The purpose of the first of five phases of Swinburne’s case for God is to show that the statement ‘God exists’ makes a coherent factual (logically contingent) statement. He thinks he has accomplished this in his book The Coherence of Theism (revised edition, hereafter: COT) for a somewhat pared-down concept of God, that he calls a ‘contingent God’. A ‘contingent God’ is one that has most of the usual divine attributes, except for necessary being.
The meat of COT is in Part II (Chapters 7-12), where Swinburne argues that ‘God exists’ makes a coherent factual statement, when we understand ‘God’ to be a ‘contingent God’. Swinburne, like a good analytic philosopher, begins by analyzing the assertion ‘God exists’, breaking it down into bite-sized pieces, or to make the metaphor more accurate, into meal-sized pieces. The assertion ‘God exists’ means:
…there exists eternally an omnipresent spirit, perfectly free, the creator of the universe, omnipotent, omniscient, perfectly good, and a source of moral obligation…
Swinburne breaks the concept of God down into various divine attributes, and then slowly re-assembles the concept, piece by piece. He has two kinds of tasks to perform in doing this re-assembly. First, he must show that each individual piece is coherent. In other words, he must show that each of the following assertions makes a coherent statement:
(1) A spirit exists.
(2) An omnipresent person exists.
(3) A perfectly free person exists.
(4) A person who is the creator of the universe exists.
(5) An omnipotent person exists.
(6) An omniscient person exists.
(7) A perfectly good person exists.
(8) A person who is a source of moral obligation (for human beings) exists.
(9) A person who is eternal exists.
For example, I mentioned in Part 1, that Swinburne significantly constricts the concept of ‘omniscience’ in order to avoid a logical contradiction between ‘omniscience’ on the one hand and ‘perfect freedom’ on the other. If God is perfectly free, then God cannot predict his own future choices, because perfectly free choices cannot be determined by what has happened in the past. Thus, God does not have full and complete knowledge of the future, because God does not know in advance what choices he is going to make in the future.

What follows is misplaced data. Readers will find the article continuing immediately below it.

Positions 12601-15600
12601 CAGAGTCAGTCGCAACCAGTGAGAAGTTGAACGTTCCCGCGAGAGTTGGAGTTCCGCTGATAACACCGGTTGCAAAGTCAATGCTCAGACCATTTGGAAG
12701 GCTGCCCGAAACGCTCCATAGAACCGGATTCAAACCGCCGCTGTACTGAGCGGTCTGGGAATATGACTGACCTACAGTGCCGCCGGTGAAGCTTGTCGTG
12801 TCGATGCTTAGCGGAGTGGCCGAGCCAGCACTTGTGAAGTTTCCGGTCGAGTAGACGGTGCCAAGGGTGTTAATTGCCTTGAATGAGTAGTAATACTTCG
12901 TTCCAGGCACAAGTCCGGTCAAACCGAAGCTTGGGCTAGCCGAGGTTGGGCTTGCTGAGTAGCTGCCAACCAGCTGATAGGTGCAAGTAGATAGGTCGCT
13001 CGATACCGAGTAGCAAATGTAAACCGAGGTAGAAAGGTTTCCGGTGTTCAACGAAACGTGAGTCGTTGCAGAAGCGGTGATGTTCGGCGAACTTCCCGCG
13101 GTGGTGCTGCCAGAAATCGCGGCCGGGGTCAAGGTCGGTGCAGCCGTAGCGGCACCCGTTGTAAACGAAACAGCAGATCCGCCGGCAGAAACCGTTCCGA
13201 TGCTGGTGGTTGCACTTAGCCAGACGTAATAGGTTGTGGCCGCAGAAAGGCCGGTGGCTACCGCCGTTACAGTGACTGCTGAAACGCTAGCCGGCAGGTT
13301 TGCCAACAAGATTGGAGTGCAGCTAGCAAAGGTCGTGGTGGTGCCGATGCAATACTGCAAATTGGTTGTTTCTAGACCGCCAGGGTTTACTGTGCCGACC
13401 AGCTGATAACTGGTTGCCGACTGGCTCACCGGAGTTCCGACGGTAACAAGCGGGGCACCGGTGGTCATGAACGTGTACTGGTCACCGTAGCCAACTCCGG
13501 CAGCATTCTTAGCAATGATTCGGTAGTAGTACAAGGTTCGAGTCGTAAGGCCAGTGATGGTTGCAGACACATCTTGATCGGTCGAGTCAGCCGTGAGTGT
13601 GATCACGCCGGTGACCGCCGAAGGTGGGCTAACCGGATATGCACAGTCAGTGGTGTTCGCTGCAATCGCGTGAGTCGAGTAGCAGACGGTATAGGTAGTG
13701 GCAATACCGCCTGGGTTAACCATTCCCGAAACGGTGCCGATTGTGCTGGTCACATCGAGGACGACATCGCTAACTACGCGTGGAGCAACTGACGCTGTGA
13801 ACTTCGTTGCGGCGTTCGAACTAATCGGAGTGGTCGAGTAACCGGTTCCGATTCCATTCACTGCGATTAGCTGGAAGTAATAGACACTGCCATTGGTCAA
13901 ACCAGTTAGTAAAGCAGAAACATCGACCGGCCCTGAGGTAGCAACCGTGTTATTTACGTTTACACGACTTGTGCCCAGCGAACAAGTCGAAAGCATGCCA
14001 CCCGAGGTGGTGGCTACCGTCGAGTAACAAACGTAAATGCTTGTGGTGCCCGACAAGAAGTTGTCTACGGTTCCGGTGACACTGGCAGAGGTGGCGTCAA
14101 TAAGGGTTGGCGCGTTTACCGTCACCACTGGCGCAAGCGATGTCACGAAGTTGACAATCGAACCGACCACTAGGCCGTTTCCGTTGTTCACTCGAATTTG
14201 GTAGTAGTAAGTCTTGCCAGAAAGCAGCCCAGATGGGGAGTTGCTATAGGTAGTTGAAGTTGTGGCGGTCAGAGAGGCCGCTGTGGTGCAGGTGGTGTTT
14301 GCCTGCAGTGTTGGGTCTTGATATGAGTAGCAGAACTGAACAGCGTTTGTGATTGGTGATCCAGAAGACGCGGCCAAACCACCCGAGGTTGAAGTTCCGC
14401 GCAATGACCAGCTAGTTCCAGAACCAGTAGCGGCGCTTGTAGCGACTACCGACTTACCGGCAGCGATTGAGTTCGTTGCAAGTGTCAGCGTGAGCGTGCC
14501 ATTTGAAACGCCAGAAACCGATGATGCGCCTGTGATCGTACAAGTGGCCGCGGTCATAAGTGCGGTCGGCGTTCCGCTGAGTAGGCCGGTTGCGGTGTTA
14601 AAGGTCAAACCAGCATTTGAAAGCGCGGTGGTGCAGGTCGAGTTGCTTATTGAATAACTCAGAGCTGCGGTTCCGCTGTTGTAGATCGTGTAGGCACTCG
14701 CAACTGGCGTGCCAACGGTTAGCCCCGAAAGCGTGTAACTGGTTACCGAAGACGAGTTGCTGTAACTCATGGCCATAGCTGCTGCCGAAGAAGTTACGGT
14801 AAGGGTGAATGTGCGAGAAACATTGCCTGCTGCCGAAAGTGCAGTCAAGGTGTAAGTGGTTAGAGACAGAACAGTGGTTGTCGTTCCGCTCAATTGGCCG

So, Swinburne slowly re-assembles the concept of God, adding divine attributes back into the mix, one (or two) at a time, showing at each step that the new combination of attributes is coherent. By the end of Chapter 8, for example, Swinburne thinks he has shown that the following assertion makes a coherent statement:
…there exists an omnipresent spirit who has free will and is the creator of the universe…
In other words, the first four of the above assertions about individual divine attributes are coherent, and the assertion of the existence of a person having all four of those divine attributes also makes a coherent statement.
By the end of Chapter 12, Swinburne thinks he has shown that the assertion that there is a person who has all nine of the above divine attributes makes a coherent statement, and thus that ‘God exists’ makes a coherent statement, if we understand ‘God’ in the pared-down sense of a ‘contingent God’.
Note: the attribute ‘eternal’ works a little differently than the other attributes. It qualifies most of the other attributes. For example, God is ‘eternally omnipotent’ and ‘eternally omniscient’ and ‘eternally perfectly good’. God is not just omnipotent some days, and less than omnipotent on other days; God has always been omnipotent and always will be omnipotent. Any being who is only omnipotent for a few days or a few years or a few centuries does not count as ‘God’ according to Swinburne’s analysis of this concept.